Is third time the charm? Sony seem to think so! Desperate to keep hold of their once lucrative Marvel superhero cash cow (which in this golden age of screen superheroes remains a rare commodity outside of Disney’s corner of the market), and following the Box Office disappointment of the equally disappointing The Amazing Spider-Man 2 (2014), Sony have now partnered up with Marvel Studios to bring Spider-Man, arguably Marvel’s most popular character, into the Marvel Cinematic Universe. The end result? Spider-Man: Homecoming!
And it really is a homecoming in every sense of the word. Fresh from his brief but brilliant debut in last year’s Captain America: Civil War, Tom Holland‘s Spider-Man gets the MCU solo outing comic fans have been longing for since the very beginnings of the Avengers franchise. Picking up where Civil War left off, Homecoming finds rookie superhero Spider-Man (AKA high school wallflower Peter Parker) continuing his personal quest to become a major player in the superhero world, and gain the approval of his hero Tony Stark (AKA Iron Man, AKA Robert Downey Jr), all whilst trying to survive the pressures of high school, homework and dating. Unfortunately for Peter, he also has to contend with a group of criminals using scavenged alien technology, led by the sinister Adrian Toomes (Michael Keaton).
So far, so Sony. But it’s the injection of Marvel Studio’s trademark wit, inventiveness and affection for their characters that makes this Spider-Man outing that much more enjoyable then recent efforts. Like with all the best MCU movies, the emphasis here is on fun, from the action-packed smackdowns and web-slinging heroics to the hilarious one-liners and tongue-in-cheek goofiness.
It’s this aforementioned goofiness that gives the film much of its heart and soul. Whether it’s Spidey cracking wise whilst performing daring action-packed feats or Peter’s awkward teenage antics, scene-stealing supporting character Michelle (Zendaya) delivering dry acid put downs or that hilarious Stan Lee cameo, it all coalesces into a breezy, light-hearted and enjoyable 130 minutes.
Of course, the film lives or dies based on its lead actor, and thankfully Tom Holland proves himself up to task. His natural charm and comic-timing are a must for playing Spidey, and his exasperated, outclassed, fish-out-of-water take on the character is perfection.
He’s an even better Peter Parker, giving the character real vulnerability whilst keeping the socially-awkward and empathetic aspects of Peter front-and-centre. Whilst both the actors to previously hold the role struggled with playing the two sides of the character, Holland has no such issue. Frankly, he’s the best Spidey we’ve ever had.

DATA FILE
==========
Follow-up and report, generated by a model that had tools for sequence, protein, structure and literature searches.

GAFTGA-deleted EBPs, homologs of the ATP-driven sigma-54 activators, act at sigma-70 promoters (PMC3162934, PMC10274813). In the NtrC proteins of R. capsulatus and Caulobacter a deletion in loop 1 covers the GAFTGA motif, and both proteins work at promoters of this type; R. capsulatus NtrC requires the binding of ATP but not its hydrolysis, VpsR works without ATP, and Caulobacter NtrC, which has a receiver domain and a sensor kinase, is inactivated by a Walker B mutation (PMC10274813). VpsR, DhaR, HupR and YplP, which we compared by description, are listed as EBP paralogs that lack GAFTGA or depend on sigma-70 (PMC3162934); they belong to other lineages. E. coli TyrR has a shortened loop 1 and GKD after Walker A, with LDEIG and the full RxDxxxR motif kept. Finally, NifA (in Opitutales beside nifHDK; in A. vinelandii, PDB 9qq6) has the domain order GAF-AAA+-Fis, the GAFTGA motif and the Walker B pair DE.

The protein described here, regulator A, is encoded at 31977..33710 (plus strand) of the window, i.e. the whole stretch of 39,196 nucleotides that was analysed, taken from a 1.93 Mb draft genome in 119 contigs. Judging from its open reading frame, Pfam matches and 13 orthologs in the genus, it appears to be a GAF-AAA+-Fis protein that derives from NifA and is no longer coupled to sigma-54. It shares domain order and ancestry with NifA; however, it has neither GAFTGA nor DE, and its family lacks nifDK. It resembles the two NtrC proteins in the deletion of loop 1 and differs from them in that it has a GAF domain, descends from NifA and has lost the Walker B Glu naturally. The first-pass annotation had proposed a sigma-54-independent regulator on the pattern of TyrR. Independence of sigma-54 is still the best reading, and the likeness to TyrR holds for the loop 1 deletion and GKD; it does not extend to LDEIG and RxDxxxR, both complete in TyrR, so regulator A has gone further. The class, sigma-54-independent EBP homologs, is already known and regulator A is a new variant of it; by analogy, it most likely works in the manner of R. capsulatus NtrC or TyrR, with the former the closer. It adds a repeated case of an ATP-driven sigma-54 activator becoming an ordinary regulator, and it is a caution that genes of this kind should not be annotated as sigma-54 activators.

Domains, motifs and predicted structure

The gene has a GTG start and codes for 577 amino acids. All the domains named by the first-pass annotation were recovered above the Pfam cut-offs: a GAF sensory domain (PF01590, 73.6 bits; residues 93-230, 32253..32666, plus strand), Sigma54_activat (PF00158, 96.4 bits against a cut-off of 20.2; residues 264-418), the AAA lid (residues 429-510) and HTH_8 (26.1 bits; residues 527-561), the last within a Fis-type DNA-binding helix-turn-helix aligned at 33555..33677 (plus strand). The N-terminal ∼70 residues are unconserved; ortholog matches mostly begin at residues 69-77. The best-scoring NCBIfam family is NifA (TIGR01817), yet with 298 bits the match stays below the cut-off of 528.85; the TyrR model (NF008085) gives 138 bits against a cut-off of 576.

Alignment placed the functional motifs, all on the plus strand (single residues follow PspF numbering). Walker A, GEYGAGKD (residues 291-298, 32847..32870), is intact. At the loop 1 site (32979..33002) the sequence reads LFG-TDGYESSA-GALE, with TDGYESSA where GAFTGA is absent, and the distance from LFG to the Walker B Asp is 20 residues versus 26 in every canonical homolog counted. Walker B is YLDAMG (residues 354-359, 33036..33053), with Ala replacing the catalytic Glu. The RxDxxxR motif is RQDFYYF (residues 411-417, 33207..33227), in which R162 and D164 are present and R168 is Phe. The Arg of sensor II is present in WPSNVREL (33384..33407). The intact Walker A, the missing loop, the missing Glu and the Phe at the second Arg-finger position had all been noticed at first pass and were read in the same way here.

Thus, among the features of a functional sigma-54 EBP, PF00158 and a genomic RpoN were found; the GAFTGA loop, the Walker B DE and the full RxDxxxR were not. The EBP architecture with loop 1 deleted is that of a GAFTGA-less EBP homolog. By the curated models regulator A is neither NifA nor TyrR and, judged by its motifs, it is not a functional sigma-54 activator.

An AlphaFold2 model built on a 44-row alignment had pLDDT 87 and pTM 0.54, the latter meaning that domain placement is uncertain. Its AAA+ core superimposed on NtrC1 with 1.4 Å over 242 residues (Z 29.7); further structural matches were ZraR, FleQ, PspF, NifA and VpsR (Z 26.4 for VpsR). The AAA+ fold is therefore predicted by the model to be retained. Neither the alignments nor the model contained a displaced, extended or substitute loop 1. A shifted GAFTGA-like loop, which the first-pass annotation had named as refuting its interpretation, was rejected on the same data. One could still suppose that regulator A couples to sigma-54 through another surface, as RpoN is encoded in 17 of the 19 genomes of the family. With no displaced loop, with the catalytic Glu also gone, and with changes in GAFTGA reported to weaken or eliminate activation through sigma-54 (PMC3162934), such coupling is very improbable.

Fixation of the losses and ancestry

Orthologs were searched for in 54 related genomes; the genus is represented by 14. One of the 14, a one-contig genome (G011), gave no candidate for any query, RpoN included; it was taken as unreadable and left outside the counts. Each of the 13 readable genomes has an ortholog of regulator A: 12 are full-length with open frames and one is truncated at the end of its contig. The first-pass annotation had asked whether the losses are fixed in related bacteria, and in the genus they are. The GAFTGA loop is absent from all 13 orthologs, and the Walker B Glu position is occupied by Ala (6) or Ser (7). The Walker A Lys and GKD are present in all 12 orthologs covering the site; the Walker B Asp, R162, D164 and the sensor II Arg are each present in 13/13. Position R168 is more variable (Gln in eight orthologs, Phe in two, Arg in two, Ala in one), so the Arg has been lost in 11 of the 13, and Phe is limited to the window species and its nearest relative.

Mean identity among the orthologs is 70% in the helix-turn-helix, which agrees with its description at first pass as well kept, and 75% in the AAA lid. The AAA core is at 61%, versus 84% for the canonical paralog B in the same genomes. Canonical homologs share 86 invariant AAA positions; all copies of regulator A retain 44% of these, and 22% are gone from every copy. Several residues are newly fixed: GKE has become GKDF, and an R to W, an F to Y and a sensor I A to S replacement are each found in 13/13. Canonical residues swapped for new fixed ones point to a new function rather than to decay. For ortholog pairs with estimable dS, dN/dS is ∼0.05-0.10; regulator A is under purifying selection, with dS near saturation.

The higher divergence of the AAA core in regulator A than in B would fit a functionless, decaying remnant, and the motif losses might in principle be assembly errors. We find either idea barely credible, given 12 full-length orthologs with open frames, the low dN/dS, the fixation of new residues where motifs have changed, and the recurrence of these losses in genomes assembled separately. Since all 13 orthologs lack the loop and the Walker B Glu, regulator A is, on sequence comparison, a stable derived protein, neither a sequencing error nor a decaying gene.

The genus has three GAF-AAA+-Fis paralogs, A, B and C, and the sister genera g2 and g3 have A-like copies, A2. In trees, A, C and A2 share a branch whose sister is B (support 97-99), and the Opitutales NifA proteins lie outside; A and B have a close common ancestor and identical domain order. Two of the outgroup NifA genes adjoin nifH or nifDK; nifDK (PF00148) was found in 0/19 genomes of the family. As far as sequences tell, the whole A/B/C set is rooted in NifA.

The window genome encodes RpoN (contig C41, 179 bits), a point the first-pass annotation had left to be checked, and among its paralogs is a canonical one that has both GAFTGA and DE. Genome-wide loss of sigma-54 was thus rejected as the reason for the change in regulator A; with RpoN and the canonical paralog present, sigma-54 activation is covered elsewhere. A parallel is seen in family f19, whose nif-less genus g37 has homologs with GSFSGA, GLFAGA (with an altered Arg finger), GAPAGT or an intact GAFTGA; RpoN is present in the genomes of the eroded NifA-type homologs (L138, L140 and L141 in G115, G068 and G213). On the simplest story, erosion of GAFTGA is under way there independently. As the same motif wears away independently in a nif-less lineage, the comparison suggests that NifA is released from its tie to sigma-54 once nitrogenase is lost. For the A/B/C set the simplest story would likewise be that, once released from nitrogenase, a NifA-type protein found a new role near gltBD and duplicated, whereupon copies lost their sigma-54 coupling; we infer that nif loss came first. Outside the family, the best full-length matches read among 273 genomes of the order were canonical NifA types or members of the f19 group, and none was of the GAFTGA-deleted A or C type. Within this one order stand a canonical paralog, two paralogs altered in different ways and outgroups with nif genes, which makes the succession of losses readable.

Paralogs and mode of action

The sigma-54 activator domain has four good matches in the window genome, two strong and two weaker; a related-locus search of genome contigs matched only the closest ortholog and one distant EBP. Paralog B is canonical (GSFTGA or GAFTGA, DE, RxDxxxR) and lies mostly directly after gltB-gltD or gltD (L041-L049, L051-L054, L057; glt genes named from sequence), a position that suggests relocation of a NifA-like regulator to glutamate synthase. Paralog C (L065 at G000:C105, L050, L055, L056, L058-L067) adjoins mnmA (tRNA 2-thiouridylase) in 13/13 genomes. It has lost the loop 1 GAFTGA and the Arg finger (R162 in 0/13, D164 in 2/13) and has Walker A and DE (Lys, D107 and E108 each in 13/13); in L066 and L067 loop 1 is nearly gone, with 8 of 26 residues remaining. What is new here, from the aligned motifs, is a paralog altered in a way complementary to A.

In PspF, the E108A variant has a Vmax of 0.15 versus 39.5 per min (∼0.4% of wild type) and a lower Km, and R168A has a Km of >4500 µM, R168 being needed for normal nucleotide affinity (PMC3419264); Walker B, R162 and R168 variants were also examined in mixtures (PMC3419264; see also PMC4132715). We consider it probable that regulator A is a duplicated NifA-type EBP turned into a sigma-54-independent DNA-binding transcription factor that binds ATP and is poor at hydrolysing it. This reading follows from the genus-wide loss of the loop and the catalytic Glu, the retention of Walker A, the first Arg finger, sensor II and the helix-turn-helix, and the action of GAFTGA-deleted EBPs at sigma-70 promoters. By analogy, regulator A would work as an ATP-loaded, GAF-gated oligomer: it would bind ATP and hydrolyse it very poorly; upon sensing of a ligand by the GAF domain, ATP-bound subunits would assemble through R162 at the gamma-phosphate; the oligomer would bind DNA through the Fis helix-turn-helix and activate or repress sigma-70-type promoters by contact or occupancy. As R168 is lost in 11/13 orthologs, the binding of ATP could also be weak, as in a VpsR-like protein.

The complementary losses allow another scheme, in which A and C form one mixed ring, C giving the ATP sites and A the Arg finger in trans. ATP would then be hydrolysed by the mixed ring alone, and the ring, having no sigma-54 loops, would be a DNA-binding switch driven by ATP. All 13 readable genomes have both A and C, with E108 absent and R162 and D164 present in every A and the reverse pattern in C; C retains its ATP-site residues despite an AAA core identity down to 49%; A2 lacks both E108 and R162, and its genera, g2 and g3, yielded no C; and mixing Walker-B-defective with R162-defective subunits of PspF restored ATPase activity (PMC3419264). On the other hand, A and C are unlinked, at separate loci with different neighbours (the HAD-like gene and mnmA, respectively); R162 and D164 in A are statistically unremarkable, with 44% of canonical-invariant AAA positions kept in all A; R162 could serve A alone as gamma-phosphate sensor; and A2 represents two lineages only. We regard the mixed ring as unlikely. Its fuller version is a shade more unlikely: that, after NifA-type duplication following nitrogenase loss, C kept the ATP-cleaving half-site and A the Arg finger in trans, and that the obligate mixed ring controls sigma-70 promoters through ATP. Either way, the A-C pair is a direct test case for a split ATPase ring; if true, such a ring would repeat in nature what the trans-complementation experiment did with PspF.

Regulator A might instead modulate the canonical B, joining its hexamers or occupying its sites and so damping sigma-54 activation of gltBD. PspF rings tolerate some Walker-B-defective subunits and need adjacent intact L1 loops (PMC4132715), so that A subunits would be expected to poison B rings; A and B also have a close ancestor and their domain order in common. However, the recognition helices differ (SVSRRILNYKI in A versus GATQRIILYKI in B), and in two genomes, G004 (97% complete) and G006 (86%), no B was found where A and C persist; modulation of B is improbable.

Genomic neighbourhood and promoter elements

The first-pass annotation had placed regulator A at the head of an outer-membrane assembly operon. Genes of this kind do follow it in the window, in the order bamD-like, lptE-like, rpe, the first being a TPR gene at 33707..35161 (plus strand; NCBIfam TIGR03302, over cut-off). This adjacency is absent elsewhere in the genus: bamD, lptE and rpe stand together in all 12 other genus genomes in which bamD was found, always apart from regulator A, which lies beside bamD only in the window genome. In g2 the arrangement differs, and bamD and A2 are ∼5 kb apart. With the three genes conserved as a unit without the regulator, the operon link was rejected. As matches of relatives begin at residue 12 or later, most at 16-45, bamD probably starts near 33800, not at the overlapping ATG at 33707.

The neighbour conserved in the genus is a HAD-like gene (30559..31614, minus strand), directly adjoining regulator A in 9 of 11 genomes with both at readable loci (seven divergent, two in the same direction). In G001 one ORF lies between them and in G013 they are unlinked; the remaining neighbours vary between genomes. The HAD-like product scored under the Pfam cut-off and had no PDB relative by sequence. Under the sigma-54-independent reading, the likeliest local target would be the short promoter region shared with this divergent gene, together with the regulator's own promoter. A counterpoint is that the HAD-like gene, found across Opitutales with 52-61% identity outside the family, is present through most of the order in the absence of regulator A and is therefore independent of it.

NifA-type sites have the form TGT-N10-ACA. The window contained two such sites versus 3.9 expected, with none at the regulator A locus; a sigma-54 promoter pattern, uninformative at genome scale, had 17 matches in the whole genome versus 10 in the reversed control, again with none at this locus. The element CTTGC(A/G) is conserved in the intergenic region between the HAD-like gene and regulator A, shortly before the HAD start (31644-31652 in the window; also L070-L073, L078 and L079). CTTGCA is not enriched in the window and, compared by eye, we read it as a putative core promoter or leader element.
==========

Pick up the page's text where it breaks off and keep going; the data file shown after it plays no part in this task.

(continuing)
Homecoming is certainly a film that values character over spectacle. Iron Man is present, but Robert Downey Jr‘s appearances are minor in terms of screen time. Instead, when he does appear, it’s to drive Peter (and ultimately the plot), as opposed to being just a cheap, glorified cameo. Peter’s best friends Ned (Jacob Batalon) and Michelle offer the film plenty of comedic scope, whilst Michael Keaton‘s excellent take on the Vulture provides the MCU with one of it’s more fleshed-out and relatable screen villains.
Director Jon Watts (Cop Car) assembles a fine cast and directs proceedings with a clear love for the source material. The John Hughes-esque tone is on-show for all to see throughout the high school scenes, whilst the action scenes are vibrant, pacy and varied. The humour comes hard and fast yet never feels forced, whilst the more dramatic moments have a weight to them that ensures both empathy and tension. Add in a great score from Michael Giacchino and some stunning visual effects, and you have all the makings of a great superhero flick
Spider-Man: Homecoming is certainly everything one could have hoped for in terms of an MCU Spidey reboot – full of heart and humour, yet action-packed and brimming with flair and style. The main plot may be small potatoes compared to previous outings, but when your central character is as engaging, funny and cool as the Spider-Man we see here, it matters not a jot. The focus on delivering a fun little superhero movie opposed to a long-list of fan service cameos and spin-off teasers pays off, and certainly proves Marvel are still the ones who have it spot on when it comes to adapting their own characters.
Take heed, Sony execs. Third time most definitely is the charm. Don’t screw it up!